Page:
Humanizing Medicine with the Written Word
Issue   |   Fri, 05/18/2018 - 11:17
Photo courtesy of Jingwen Zhang '18
Zhang dedicated herself to a variety of activities on campus, including The Student, GlobeMed and Amherst Christian Fellowship.

From her days in high school, when she was the captain of her science olympiad team and learned how to play both the piano and flute, to when she came to Amherst as a Schupf scholar and eventually became editor-in-chief of The Amherst Student, Jingwen Zhang’s future has always been as bright as her smile. Her easy-going and sincere personality, along with her motivation and leadership, has made her years at Amherst unforgettable — both for her and everyone around her. Zhang led her peers from her position on the e-board of Amherst Christian Fellowship, created advocacy, outreach and education initiatives for GlobeMed at Amherst and handled countless medical emergencies as a member of Amherst College Emergency Medical Service (ACEMS). She is a true interdisciplinary scholar, pursuing the pre-med track, exploring many of Amherst’s humanities departments and developing her excellence as a writer, in the classroom and out. Her extensive contributions to our community will last long after her time at Amherst comes to a close.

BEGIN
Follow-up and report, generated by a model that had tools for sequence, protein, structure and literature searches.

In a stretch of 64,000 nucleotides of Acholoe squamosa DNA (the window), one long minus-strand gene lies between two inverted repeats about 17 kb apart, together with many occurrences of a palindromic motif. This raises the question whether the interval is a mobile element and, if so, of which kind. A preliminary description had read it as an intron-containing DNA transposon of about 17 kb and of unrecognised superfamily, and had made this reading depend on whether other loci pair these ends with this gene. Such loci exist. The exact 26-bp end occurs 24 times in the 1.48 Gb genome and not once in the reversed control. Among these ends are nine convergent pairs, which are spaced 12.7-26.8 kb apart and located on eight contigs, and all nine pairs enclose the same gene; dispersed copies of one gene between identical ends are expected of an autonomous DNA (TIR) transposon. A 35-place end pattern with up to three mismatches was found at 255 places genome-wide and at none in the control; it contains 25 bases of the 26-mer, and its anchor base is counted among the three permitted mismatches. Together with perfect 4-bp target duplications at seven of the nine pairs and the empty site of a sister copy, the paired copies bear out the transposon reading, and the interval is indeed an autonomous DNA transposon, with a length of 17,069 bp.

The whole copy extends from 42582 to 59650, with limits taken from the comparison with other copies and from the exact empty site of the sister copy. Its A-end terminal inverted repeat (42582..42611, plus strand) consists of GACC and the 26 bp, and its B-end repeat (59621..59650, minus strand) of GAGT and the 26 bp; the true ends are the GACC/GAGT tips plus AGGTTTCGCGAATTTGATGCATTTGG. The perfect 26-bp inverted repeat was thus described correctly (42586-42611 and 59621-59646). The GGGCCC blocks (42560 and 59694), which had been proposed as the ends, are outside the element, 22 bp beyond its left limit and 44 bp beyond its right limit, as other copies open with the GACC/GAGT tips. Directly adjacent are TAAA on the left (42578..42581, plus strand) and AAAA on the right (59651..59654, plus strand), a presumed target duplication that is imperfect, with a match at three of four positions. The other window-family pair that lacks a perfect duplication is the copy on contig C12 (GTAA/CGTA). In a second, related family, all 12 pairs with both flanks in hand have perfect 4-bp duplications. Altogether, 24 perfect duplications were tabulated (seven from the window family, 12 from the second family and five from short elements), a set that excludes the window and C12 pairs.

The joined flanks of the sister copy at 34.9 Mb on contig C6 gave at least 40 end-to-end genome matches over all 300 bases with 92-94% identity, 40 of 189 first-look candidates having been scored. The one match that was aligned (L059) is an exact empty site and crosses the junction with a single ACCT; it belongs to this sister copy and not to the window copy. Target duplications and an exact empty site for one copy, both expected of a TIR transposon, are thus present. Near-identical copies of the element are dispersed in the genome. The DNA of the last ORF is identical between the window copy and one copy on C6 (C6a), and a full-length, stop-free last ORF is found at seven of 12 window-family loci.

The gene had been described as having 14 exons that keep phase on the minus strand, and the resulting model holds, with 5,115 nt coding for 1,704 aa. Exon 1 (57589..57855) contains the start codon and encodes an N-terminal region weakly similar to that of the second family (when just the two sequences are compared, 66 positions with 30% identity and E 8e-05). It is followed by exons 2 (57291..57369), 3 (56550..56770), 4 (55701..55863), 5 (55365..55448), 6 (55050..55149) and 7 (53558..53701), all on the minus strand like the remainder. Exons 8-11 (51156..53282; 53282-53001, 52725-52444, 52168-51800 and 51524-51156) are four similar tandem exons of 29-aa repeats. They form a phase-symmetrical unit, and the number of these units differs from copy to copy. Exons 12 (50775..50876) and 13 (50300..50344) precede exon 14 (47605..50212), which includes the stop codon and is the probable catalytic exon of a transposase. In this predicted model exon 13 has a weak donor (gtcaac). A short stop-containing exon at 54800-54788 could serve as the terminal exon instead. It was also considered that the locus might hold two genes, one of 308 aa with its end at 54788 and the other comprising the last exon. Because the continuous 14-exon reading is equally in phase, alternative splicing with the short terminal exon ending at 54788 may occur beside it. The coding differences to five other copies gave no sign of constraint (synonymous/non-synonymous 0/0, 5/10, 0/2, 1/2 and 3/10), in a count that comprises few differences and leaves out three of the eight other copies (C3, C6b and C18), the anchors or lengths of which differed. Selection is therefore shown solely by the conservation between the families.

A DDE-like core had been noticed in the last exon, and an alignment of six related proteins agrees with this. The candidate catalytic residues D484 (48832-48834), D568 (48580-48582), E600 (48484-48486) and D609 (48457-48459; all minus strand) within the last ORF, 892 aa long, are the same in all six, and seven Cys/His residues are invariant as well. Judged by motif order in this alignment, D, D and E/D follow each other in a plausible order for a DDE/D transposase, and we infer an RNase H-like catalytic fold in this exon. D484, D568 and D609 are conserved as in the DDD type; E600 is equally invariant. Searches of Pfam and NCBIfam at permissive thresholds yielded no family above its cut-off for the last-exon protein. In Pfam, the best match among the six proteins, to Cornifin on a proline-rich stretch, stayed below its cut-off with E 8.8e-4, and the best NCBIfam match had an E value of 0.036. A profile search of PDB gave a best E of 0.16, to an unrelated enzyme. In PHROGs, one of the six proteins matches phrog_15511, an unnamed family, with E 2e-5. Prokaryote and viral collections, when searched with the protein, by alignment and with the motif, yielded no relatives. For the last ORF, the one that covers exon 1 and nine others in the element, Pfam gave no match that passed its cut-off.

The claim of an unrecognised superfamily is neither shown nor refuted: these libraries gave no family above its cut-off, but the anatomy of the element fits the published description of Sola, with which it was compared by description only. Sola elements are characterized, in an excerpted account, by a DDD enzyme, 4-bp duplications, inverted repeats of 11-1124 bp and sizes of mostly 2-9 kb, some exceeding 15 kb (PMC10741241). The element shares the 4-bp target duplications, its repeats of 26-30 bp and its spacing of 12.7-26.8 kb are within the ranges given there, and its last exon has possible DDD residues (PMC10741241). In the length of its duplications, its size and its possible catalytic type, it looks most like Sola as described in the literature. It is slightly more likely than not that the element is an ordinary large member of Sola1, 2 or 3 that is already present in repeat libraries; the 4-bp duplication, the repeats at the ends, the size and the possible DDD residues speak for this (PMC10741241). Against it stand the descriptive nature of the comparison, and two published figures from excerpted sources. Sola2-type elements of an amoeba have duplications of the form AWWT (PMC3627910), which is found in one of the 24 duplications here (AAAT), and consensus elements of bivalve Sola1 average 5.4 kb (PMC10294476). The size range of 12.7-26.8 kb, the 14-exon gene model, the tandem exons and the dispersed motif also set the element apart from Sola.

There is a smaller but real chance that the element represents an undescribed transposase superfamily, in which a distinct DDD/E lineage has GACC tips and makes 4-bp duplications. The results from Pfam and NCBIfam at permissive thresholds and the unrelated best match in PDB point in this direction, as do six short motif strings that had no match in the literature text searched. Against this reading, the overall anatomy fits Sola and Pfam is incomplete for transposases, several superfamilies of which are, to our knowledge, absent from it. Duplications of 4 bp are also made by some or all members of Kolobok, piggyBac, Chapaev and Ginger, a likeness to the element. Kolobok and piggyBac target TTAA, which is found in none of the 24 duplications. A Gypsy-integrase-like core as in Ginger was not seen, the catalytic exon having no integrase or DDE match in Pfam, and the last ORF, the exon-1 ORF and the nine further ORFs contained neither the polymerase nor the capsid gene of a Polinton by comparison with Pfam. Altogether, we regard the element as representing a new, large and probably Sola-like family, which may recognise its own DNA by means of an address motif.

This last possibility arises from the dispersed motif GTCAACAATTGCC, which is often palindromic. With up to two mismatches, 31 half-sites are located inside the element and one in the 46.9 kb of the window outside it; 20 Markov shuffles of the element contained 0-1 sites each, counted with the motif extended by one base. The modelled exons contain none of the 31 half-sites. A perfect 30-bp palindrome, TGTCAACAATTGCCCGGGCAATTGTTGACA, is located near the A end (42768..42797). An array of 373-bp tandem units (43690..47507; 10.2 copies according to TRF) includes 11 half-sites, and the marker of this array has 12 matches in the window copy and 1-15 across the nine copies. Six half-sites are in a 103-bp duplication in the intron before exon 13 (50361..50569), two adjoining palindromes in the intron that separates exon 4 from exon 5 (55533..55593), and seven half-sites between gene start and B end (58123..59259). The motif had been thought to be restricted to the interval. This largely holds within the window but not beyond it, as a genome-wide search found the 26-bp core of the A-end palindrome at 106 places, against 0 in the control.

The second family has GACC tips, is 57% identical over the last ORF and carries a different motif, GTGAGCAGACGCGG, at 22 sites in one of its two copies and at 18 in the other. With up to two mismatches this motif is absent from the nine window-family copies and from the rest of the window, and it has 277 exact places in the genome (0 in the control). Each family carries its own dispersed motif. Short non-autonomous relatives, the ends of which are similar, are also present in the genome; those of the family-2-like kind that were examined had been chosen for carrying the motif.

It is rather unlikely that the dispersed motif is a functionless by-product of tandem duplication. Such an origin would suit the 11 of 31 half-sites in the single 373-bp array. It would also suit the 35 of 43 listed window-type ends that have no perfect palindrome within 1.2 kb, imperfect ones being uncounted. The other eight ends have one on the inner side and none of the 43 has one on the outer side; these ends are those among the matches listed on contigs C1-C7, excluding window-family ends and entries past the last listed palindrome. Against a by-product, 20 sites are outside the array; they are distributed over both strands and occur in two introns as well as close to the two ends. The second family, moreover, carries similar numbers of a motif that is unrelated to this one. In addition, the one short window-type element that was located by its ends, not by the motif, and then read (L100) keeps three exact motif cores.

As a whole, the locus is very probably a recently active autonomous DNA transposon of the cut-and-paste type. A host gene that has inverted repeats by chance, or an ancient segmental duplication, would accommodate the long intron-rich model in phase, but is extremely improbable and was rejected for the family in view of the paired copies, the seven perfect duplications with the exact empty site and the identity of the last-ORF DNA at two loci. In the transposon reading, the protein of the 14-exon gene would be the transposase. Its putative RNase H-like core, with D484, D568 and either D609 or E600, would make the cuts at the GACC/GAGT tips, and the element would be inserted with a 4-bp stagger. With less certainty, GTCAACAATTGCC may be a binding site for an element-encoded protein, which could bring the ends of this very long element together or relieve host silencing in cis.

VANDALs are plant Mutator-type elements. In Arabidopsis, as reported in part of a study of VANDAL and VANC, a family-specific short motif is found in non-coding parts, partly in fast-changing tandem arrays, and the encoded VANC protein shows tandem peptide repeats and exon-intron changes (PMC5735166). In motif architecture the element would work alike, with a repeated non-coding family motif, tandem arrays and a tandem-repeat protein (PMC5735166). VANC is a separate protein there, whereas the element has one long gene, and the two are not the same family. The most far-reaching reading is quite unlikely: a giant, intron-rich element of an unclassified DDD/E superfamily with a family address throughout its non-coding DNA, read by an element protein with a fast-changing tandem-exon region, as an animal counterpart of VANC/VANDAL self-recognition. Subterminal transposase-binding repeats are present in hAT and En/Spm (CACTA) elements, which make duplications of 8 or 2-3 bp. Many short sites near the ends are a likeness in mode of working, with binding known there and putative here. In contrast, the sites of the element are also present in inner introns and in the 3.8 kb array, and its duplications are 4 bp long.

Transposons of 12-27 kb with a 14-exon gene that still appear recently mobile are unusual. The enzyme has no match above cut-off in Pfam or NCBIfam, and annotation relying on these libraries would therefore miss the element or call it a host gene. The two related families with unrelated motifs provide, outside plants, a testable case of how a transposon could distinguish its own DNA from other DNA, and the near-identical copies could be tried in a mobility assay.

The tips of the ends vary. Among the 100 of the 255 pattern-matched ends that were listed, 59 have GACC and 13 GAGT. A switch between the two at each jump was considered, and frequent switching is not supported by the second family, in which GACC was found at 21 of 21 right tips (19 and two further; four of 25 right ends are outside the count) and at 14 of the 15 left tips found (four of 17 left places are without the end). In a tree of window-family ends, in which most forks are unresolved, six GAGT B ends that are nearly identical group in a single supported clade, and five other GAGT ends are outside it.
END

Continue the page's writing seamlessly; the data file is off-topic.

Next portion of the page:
Blooming on Amherst Grounds
Zhang began her journey in China, moved to Chicago when she still had baby teeth and grew up in Columbus, Ohio. She quickly overcame the “culture shock” of coming to Amherst and began to explore and nurture her interests. As one of the few Schupf scholars at Amherst, Zhang saw firsthand how “there were faculty who were willing to invest in me when I was just a freshman who knew nothing.” The Schupf scholarship allowed Zhang to receive access to faculty advising and research funding opportunities to explore her interests. Working with her Schupf advisor, Professor of Biology Caroline Goutte, she quickly realized that Amherst was different from the other colleges she had considered during the application process. Her early connections with Amherst faculty not only gave her confidence but also inculcated a profound appreciation for the humanities on top of her passion for science. “Biology is about figuring out how life works, but the humanities are about what gives life meaning,” Zhang said.